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How to safely extubate a patient in the emergency department: a user's guide to critical care

  • Sara H. Gray (a1), John A. Ross (a2) and Robert S. Green (a3)
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Corresponding author

30 Bond Street, Room 4-036 Queen, Toronto, ON M5B 1W8; grays@smh.ca.

References

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1.Herring, A, Wilper, A, Himmelstein, D, et al. Increasing length of stay among adult visits to US emergency departments, 2001–2005. Acad Emerg Med 2009;16:609–16, doi:10.1111/j.1553-2712.2009.00428.x.
2.Lambe, S, Washington, D, Fink, A, et al. Trends in the use and capacity of California’s emergency departments 1990–1999. Ann Emerg Med 2002;39:389–6, doi:10.1067/mem.2002.122433.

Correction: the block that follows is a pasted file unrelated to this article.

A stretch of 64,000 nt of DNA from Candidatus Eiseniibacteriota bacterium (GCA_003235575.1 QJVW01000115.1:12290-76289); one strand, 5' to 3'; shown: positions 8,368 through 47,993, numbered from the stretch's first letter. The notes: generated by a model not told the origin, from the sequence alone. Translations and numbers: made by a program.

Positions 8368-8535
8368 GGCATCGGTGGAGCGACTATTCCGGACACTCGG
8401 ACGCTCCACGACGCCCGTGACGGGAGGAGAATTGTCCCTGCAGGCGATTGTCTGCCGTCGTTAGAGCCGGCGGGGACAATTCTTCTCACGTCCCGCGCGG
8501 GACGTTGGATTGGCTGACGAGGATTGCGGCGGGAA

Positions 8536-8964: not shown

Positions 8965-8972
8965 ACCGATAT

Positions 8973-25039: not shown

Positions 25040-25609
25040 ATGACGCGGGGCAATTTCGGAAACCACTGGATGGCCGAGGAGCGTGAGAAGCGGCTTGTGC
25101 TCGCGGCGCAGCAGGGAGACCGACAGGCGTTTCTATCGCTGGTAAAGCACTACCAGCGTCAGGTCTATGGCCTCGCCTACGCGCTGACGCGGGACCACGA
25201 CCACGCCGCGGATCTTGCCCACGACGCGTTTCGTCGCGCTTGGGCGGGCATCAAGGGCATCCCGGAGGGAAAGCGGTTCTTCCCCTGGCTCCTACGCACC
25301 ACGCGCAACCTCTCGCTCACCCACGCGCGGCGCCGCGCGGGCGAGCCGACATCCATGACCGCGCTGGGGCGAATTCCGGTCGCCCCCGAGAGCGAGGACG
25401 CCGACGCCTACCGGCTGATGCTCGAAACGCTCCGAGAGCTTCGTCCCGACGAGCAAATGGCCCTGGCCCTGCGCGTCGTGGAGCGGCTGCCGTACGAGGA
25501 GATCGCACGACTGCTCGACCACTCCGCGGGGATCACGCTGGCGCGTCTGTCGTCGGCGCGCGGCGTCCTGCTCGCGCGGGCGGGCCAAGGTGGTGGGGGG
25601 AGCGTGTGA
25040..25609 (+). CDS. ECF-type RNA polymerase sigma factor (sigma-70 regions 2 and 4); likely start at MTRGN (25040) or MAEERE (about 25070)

3.McCaig, LF, Burt, CW. National Hospital Ambulatory Medical Care Survey: 2002 emergency department summary. Adv Data 2004;(340):134.
4.Green, RS, MacIntyre, JK. Critical care in the emergency department: an assessment of the length of stay and invasive procedures performed on critically ill ED patients. Scand J Trauma Resusc Emerg Med 2009;17:47, doi:10.1186/1757-7241-17-47.
5.Weingart, SD, Menaker, J, Truong, H, et al. Trauma patients can be safely extubated in the emergency department. J Emerg Med 2001;40:235–9, doi:10.1016/j.jemermed.2009.05.033.

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